By Michael L. “Luke” James, MD
Since 2007, the United Council for Neurologic Subspecialties (UCNS) has been the recognized certification and accreditation body for Neurocritical Care (NCC). UCNS now accredits 69 NCC training programs and certifies 1,337 diplomates. The measures of expertise for certification of the diplomates and the standards for training program excellence have been established by respected representatives nominated by the sponsoring organizations: the Neurocritical Care Society and the American Academy of Neurology’s Critical Care & Emergency Neurology (CCEN) section.
The NCC sponsoring organizations also have a voice on the UCNS Board of Directors, and I have served as the NCC representative on the UCNS Board since 2017. I have found my time serving on the board of directors beneficial, as I have participated by representing the NCC community in decisions made effecting the subspecialties recognized by UCNS. One issue impacting neurology subspecialties is recognition of subspecialties within hospitals. UCNS has assisted with recognition by the Leap Frog Group and, most recently, with the National Uniform Claim Committee in securing a taxonomy code.
Like you, I have been attentively monitoring progress of other possible NCC certification routes outside of UCNS. In 2018, the American Board of Psychiatry & Neurology (ABPN) announced it received approval of its application to the American Board of Medical Specialties (ABMS) to offer a certificate in the subspecialty of NCC. Further, the ABMS has released its initial requirements for certification through “practice track” pathways that intend to begin granting NCC certifications as early as the next three years. Despite this, with a 12-year history of supporting NCC, the UCNS has stated its commitment to the continued support of this multidisciplinary subspecialty, the NCC UCNS-certified diplomates and NCC UCNS-accredited programs. The availability of the NCC certification through ABPN does not invalidate UCNS certification or accreditation.
The UCNS will offer the 2019 NCC initial certification examination as previously scheduled, providing an opportunity for interested physicians to certify and then to continue certification through the UCNS. The NCC certification examinations will continue to be developed by the subject matter experts nominated by NCS and AAN’s CCEN to serve on the examination committee. UCNS diplomates who choose to pursue the ABMS certification will need to take the examination being developed and administered by the ABPN, as outlined in their requirements.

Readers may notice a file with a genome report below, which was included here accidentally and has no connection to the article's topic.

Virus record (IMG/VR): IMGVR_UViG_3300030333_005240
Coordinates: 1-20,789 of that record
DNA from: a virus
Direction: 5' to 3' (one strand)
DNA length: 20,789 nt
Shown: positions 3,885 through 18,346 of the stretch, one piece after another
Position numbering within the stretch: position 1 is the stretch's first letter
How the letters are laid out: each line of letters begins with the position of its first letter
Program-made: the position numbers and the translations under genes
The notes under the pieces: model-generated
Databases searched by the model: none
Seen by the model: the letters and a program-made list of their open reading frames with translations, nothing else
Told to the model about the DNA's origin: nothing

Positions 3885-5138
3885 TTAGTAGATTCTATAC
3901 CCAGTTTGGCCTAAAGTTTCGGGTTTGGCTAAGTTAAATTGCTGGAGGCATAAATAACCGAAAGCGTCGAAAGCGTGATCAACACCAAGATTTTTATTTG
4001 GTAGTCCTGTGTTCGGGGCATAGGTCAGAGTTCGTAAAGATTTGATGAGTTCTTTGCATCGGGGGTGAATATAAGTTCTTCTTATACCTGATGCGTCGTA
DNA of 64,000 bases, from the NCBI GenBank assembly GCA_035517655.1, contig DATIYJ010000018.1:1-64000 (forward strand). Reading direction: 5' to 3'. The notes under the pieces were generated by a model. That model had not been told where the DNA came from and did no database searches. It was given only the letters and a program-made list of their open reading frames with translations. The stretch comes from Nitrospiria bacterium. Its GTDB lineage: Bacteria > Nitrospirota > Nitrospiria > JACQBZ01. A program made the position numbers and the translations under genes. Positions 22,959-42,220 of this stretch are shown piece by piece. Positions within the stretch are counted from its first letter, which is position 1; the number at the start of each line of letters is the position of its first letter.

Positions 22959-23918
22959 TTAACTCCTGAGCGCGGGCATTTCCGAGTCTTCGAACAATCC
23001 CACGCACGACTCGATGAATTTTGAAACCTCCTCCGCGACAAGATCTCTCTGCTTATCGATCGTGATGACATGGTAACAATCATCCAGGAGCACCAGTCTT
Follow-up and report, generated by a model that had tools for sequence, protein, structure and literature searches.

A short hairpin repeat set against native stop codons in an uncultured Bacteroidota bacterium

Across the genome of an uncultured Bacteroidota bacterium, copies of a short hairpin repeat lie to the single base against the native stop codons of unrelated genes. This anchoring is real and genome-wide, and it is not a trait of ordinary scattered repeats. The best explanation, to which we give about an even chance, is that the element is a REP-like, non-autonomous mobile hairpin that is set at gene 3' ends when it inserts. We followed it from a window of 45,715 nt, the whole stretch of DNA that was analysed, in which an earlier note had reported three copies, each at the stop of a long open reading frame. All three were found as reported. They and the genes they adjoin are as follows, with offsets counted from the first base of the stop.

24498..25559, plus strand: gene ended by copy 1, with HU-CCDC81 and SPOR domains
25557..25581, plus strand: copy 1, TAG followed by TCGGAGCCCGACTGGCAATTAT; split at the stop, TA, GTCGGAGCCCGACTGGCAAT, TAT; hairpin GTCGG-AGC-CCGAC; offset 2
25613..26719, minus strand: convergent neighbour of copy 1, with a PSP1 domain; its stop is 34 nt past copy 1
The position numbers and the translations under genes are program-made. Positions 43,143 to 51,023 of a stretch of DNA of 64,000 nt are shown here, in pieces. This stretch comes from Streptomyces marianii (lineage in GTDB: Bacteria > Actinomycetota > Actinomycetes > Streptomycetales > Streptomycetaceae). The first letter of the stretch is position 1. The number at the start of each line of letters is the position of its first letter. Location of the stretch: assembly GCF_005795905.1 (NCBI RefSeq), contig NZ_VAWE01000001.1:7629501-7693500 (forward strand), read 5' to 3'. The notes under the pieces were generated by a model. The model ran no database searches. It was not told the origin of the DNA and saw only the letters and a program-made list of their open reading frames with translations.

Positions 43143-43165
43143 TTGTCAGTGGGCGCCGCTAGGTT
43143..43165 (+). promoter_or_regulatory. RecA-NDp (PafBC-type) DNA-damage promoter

Committed to supporting NCC, the UCNS remains responsive to the needs of physicians in practice. Hearing dissatisfaction with maintenance of certification, the UCNS Board of Directors asked the Certification Council to develop a new method for recertification. All UCNS diplomates, including NCC, will have the opportunity to continue their certification through the new UCNS continuous-certification (C-cert) process that will launch in 2020. With the new C-cert process, UCNS diplomates will no longer be required to take a high-stakes recertification examination to maintain their certification. Instead, all diplomates will be transitioned to C-cert. C-cert participants will complete short annual assessment quizzes that promote lifelong learning relevant to the subspecialty. The NCC sponsoring organizations and diplomates will be involved in identifying the developments and topics of importance to life-long learning in NCC. Certificates will not expire if the annual C-cert requirements are met. Additional details about the UCNS C-cert transition and requirements will be forthcoming in the spring of 2019.
While the Accreditation Council for Graduate Medical Education (ACGME) is exploring options for NCC program accreditation, the UCNS will remain the sole accreditor of NCC training programs. Accreditation, like certification, is a voluntary process. UCNS-accredited NCC training programs may continue their accreditation through the UCNS and applications for new programs may be submitted by either annual deadline date, June 1 or Dec. 1. The UCNS accreditation process is modeled after the ACGME process, including development of training milestones for NCC. UCNS secured permission from ACGME to follow its milestones format, and the NCC milestones were drafted by a work group nominated by the subspecialty’s sponsoring organizations.
Additional information is available in a Neurocritical Care Certification FAQ document on the NCC certification examination page at the UCNS website (www.ucns.org). There are also certification recognition resources available on their website to help promote UCNS certification and educate institutions about the value of the certification.
While this is a time of change within NCC certification, I will continue to work directly with NCS leadership to provide a voice for the subspecialty, as the representative for NCC on the UCNS Board of Directors. Should you have any questions or concerns, please feel free to email me at firstname.lastname@example.org.